- Code POLS1006
- Unit Value 6 units
- Offered by School of Politics and International Relations
- ANU College ANU College of Arts and Social Sciences
- Course subject Political Science
- Academic career UGRD
- Dr Michael Zekulin
- Mode of delivery In Person
Second Semester 2019
See Future Offerings
What are the most pressing issues facing global politics today? This course looks at the ideas, issues, and actions that shape our contemporary world. It asks how we understand the world, how we might understand it differently and why certain issues dominate global politics while others are ignored. It also examines the capacity for people, organisations, and nations to co-operate in search of solutions to today’s pressing problems.
In doing so, this course is broken up into two key sections: Global Visions; and Conflict and Co-operation. The first section looks at different approaches to thinking about international relations and world politics and introduces students to the key actors, agents, institutions and ideas that dominate the world today. The second section, ‘Crisis and Co-operation’ looks at the sources of international tensions, and the possibilities for global co-operation around major issues such as transnational conflict, international political economy, global environmental management, and human and social rights. In each theme this course examines the history of these major areas of contemporary international relations and the competing debates and agendas within them. It then focuses upon causes and consequences of a contemporary crisis and examines the possibilities of global co-operation in its resolution.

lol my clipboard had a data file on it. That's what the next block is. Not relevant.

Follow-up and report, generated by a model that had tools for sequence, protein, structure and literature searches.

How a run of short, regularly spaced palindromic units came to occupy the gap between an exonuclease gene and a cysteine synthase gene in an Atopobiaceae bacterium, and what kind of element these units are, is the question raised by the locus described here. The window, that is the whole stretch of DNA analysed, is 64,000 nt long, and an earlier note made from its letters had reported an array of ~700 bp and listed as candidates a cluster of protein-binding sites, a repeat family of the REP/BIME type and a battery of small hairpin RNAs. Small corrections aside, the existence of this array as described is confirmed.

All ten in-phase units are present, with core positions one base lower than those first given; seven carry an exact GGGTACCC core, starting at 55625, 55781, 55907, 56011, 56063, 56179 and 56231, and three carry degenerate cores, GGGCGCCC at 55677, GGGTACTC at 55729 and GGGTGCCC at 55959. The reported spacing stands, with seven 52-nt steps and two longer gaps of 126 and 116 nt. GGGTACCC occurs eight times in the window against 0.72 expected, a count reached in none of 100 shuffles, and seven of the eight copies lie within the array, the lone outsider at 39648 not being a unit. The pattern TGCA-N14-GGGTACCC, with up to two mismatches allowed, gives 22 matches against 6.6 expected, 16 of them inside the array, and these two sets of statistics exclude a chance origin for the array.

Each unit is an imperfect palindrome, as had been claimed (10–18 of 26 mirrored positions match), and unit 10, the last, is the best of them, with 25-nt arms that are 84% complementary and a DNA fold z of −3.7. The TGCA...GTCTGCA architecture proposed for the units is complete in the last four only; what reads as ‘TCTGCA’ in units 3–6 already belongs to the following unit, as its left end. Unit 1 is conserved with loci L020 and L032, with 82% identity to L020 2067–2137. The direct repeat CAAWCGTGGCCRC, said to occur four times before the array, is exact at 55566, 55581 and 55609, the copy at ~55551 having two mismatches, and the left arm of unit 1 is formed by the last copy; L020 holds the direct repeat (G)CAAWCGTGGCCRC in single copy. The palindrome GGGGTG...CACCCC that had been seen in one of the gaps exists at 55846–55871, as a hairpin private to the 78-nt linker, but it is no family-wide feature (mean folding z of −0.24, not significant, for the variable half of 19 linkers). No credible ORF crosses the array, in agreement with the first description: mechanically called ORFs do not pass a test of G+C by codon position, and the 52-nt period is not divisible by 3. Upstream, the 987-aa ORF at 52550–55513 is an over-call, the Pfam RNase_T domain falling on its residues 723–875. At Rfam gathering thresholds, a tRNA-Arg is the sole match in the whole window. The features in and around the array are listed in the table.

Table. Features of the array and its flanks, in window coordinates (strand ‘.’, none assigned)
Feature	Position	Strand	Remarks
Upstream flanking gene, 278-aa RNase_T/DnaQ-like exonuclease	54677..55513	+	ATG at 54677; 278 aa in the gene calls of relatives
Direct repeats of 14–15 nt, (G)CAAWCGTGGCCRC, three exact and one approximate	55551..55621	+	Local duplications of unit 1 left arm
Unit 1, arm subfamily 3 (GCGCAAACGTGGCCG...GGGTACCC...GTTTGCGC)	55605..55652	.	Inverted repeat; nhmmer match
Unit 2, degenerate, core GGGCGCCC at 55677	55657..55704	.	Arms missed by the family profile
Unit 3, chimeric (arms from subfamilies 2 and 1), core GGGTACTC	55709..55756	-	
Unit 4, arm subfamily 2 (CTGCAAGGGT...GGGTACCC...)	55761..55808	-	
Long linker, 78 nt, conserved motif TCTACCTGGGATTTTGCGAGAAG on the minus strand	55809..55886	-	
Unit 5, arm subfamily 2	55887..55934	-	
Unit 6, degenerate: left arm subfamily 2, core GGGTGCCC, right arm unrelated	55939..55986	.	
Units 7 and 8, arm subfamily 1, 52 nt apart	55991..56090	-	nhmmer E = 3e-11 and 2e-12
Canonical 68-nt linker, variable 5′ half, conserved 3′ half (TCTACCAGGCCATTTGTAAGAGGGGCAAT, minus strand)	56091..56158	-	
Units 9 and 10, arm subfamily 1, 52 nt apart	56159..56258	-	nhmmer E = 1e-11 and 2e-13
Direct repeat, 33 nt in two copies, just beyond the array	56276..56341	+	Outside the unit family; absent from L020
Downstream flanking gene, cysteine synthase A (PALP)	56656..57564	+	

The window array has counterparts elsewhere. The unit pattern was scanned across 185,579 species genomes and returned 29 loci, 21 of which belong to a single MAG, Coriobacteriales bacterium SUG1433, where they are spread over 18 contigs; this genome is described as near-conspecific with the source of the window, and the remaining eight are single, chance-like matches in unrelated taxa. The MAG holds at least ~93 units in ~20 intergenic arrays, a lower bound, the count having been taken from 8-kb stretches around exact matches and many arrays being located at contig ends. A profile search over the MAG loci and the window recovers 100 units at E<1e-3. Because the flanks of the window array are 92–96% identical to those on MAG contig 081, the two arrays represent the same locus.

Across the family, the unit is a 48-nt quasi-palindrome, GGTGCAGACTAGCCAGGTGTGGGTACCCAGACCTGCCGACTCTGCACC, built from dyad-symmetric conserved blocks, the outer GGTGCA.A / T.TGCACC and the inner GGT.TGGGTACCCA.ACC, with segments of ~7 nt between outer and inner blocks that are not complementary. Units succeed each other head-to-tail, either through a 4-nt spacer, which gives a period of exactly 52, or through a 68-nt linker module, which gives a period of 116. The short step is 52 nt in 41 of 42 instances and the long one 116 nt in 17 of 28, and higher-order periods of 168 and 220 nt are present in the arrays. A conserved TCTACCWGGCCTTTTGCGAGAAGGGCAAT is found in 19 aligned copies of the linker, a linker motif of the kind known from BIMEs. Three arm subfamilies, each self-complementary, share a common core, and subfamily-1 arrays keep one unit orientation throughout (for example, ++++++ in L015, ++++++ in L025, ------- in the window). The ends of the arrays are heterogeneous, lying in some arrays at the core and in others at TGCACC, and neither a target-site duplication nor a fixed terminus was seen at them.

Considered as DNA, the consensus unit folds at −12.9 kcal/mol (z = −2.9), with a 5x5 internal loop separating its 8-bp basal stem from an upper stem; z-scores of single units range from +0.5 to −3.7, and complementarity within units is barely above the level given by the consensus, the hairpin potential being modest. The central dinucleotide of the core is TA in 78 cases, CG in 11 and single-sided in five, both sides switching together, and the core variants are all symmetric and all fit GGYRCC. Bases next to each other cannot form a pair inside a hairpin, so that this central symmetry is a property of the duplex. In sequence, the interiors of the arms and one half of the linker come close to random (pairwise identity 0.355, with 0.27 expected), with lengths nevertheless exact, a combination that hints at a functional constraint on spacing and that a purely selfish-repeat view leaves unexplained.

Upon successful completion, students will have the knowledge and skills to:
Upon successful completion of this course, students will have the knowledge and skills to:
- identify key issues in global politics and understand their historical contexts;
- develop the capacity to research key issues in ways that enable them to analyse different approaches to understanding and addressing these issues;
- debate and evaluate different approaches to major issues;
- write and present a political argument in a clear, coherent, and engaging manner; and
- demonstrate reading comprehension of relevant IR literature.
Indicative AssessmentTutorial Participation (10%). Learning Outcomes 1, 3, 5
1 Short Paper, 1000 words (15%). Learning Outcomes 1, 3, 4
1 Research Paper, 2000 words (40%). Learning Outcomes 2, 3, 4, 5
1 Final Exam (sit-down), 1000 words (35%). Learning Outcomes 1, 3, 4
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Workload130 hours of total student learning time made up from:
a) 36 hours of contact over 12 weeks: 24 hours of lectures, and 12 hours of tutorials; and,
b) 94 hours of independent student research, reading and writing.
Weekly readings to support the tutorials will be made available electronically via the Wattle Site
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- Student Contribution Band:
- Unit value:
- 6 units
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